Monday, September 26, 2005


"Look at the ugliness around you!" said pH, like W Boson some time ago, giving me a lift on Saturday.
"I have chosen not to pay attention to it anymore. We eat, we sleep, we work, we read, we get together and we go out. We are avoided by locals, we can even avoid noticing the place." I replied.

I have been thinking about this exchange throughout the weekend. No, this is not the final word on the matter. "Ninety-five percent of everything is crap, after all", as Sensei once said. Let me then, once more, concentrate on the, say, 5% that matters here: intriguing, charming and sometimes beautiful images, most of them from the part of the Capital that "looks like a foreign country", as a silly silly young Outposter I have worked with once said.

Thus, here is my brief, unenthusiastic but affectionate photo song for the Outpost Capital.

Thursday, September 22, 2005


For some days now, a fluorescent green praying mantis has been loitering on the shared patio in front of the house. A welcome presence, quiet and standing still, it looks like a piece of quirky design, maybe Spanish or something dreamt up by Tatlin. I closed the door behind me absent-minded on my way to the gym, expecting yet another balmy evening. But not. There was an almost cool, autumnal breeze instead, perhaps heralding the changing of seasons appropriately. The neighbourhood was calm and homely, through an open french window I peeked at a woman in her nightgown folding clothes into a drawer inside a Hammershøi-lit ugly bare bedroom. I arrived at the gym to find it eerily empty.

"Where's everyone?" I asked G52
"No idea. Maybe the changing weather", she said.

Tuesday, September 20, 2005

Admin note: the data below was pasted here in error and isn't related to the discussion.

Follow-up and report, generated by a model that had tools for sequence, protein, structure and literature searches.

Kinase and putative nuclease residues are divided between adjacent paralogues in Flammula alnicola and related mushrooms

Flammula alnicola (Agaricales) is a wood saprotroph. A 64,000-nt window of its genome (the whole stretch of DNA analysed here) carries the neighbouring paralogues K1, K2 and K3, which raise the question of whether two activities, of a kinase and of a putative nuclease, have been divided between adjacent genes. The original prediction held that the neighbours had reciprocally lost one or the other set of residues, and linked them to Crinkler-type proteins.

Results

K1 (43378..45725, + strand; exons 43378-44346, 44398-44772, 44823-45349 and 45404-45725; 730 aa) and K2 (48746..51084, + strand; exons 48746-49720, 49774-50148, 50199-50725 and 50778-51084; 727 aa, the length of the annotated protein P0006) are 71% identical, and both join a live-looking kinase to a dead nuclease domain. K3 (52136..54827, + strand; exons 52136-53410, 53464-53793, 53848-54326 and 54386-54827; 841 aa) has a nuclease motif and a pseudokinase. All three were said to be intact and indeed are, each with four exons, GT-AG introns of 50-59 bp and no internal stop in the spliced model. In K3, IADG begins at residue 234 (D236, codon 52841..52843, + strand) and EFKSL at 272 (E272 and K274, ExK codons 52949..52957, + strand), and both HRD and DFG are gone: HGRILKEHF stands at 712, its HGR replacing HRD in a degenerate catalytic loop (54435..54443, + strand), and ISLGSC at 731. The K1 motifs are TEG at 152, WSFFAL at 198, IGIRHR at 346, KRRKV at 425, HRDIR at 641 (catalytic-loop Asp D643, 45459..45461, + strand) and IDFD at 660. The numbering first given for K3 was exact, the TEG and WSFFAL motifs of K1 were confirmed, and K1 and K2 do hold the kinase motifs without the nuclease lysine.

Killing time

For some time, I have been meaning to write about time. That we are all trapped inside time. That no look-ahead is afforded to us, even for five seconds. That we have to patiently go with the flow of time, while that inner voice inside us (is it inside our head? sometimes I locate it in my chest, I used to feel it originating from within my jaw when I was a kid) goes on screaming: what next? what's going to happen? yes or no?

I had too many opportunities to ponder on the matter last summer. A broken promise to send a text message (the sender having fallen asleep) resulting in three hours of sleeplessness that night. Being feverish and getting into a cab to catch a night flight back to the Outpost, only to realise 10 minutes later that the briefcase (containing passport, air tickets, memory stick, money, documents) that should be sitting on the lap had been left on the pavement where the cab was caught: endless long moments until safe retrieval. And so on, and so forth.

So, when Francis hails the in-between, he probably has only quiet and serene gaps in mind. Not waiting for operation outcomes, not spending days waiting for life-changing decisions on behalf of others, not fearing the worst during ungodly hours, not spending months in penury and joblessness, not waiting inside delayed aircraft to reach the beloved one, not spending years waiting for love. Judging from his examples (a pause between parts of the Gloria of Bach's Mass in B minor, a train trip), I believe this is the case.

The gaps between things can be indeed "life's most unappreciated pleasures". Or they can be tortuous ordeals.